The following Examples are intended to be illustrative of this invention and not as limiting the scope thereof.
In the Examples, viscosities mentioned were determined by means of a Gardner VG-7380 Bubble Viscometer, Alphabetical, Heavy Series (sometimes referred to as "Gardner-Holdt 1933"), a product of Gardner Laboratory, Inc., Bethesda, Md 20014. This viscometer is a set of twelve (12) bubble tube standards, designated by letters U to Z10. The following table gives the approximate value in Stokes of each standard:
______________________________________ Approximate ApproximateTube Stokes Tube Stokes______________________________________U 6.2 Z3 46.3V 8.8 Z4 63.4W 10.7 Z5 98.5X 12.9 Z6 148.0Y 17.6 Z7 388Z 22.7 Z8 590Z1 21.0 Z9 855Z2 36.2 Z10 1066______________________________________
Below is a discussion of the operating principles underlying the Gardner Bubble Viscometers and the Comparison Method used in determining the viscosities which are reported in the following Examples:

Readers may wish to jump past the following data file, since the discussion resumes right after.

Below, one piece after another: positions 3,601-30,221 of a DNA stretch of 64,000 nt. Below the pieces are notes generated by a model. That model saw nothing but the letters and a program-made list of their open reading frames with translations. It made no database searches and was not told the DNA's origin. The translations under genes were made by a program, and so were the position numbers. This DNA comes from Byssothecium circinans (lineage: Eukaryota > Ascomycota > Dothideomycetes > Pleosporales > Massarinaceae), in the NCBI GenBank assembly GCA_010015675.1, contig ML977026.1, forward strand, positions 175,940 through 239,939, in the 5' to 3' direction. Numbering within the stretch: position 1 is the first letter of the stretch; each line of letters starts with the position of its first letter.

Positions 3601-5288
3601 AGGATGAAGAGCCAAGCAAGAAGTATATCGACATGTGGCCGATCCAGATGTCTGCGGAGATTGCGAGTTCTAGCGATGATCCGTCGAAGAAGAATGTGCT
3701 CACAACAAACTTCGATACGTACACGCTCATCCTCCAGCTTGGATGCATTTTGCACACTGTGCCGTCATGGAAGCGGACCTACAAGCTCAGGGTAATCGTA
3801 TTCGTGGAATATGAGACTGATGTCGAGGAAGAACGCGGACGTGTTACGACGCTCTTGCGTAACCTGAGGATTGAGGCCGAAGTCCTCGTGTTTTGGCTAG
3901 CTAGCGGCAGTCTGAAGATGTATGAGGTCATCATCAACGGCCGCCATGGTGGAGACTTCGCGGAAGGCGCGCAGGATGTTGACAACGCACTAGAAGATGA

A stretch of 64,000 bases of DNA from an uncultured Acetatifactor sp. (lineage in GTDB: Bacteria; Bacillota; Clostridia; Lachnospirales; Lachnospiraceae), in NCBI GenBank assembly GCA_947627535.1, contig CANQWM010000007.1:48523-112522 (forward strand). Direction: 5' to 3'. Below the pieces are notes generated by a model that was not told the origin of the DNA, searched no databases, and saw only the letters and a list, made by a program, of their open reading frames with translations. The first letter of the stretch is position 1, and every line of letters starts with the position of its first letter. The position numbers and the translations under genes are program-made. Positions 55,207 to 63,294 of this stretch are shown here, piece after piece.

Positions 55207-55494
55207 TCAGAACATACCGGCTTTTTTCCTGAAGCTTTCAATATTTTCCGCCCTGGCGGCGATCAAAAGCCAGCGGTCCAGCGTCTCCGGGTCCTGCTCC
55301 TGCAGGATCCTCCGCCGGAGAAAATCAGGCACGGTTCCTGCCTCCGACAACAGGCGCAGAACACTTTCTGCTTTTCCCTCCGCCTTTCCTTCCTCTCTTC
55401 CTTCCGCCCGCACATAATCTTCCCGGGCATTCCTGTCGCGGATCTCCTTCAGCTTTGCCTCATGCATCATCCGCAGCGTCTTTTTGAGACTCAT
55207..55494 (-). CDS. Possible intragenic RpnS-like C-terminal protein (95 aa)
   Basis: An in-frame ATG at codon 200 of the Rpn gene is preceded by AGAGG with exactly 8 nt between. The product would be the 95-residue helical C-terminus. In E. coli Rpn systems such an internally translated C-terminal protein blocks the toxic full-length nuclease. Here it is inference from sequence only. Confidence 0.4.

The time for a given volume of liquid to flow out under gravity through a capillary, or other restrictive orifice, is a measure of its kinematic viscosity, and therefore it can be translated into stokes and centistokes. These conditions prevail in a Gardner Bubble Viscometer, where a liquid streams downwards in the annular zone between the glass wall of a sealed tube and the perimeter of a rising air-bubble. Under controlled conditions and within certain limits, the rate at which the air-bubble rises is a direct measure of the kinematic viscosity of streaming liquids commonly used either as raw materials or formulated products in the paint, varnish and lacquer industry. However, many other types of anomalous materials may be tested for their relative viscosity by comparing their bubble speeds against those of known liquids.